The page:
Congress Makes History With Medical Marijuana Research Bill

The U.S Congress recently launched a new era for the United States in a relatively quiet way. Lawmakers in both chambers approved by unanimous consent a medical marijuana research bill that is the first standalone cannabis-related bill approved by both the House and the Senate.

That’s a big deal, considering such a bill did not seem possible even a few years ago, much less in 2012, when voters in Washington and Colorado first approved the sale of legal recreational marijuana.

The new medical marijuana research bill will expand opportunities for scientists in the United States to conduct research into the potential health benefits of cannabis, CBD and other cannabis-related plants and chemicals.

Federal Government Ending Tight Restrictions on Research

The United States fell behind other countries in marijuana research for decades because of the Schedule I illegal status of cannabis at the federal level. For years, researchers could only use cannabis grown on a farm at the University of Mississippi. Most considered it a far inferior strain of cannabis when compared to what consumers can buy at any local dispensary.

The DEA has recently opened up the process, allowing other growers to seek a license for growing cannabis for research. At the same time, President Joe Biden has called for more research, wants to decriminalize marijuana and most recently ordered creation of a system that will lead to pardons for those convicted of federal marijuana charges in the past involving small amounts of cannabis.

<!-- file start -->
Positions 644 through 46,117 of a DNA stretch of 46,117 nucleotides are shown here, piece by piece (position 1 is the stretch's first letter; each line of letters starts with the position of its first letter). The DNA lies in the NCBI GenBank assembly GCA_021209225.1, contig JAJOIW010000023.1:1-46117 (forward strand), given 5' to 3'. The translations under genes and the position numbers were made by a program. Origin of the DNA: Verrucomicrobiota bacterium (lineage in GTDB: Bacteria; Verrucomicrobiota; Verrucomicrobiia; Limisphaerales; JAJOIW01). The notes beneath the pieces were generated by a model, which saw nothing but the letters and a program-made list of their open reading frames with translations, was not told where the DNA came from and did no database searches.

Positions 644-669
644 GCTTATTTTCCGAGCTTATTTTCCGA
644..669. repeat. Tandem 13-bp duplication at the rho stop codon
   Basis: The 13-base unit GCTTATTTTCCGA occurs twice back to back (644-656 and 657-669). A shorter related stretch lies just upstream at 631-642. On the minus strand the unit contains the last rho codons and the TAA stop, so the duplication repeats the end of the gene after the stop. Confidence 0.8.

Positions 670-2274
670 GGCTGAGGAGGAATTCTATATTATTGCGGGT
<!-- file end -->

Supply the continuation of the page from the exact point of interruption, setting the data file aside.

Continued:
Against this backdrop, the House of Representatives in July passed, by unanimous consent, a medical marijuana research bill that will help end a system that called on scientists to get multiple government agencies to approve their studies, a process that can last for years. The Senate did the same in November

Bill Held Up By Texas Senator

The bill, sponsored by Democrats Sen. Dianne Feinstein of California and Rep. Earl Blumenauer of Oregon,  may have passed sooner, but Sen. John Cornyn of Texas held up approval starting in September. He released that hold in early November.

In a statement to Politico, Blumenauer said, “At a time when more than 155 million Americans reside where adult-use of cannabis is legal at the state or local level and there are four million registered medical marijuana users with many more likely to self-medicate, it is essential that we are able to fully study the impacts of cannabis use.”

The bill may not be the last on cannabis during the current session. It’s possible that Congress will still approve a banking bill that would open the door for banks to offer financial services to cannabis companies without fear of federal penalties. That change would impact cannabis businesses and customers, who currently can typically only make a transaction using cash.

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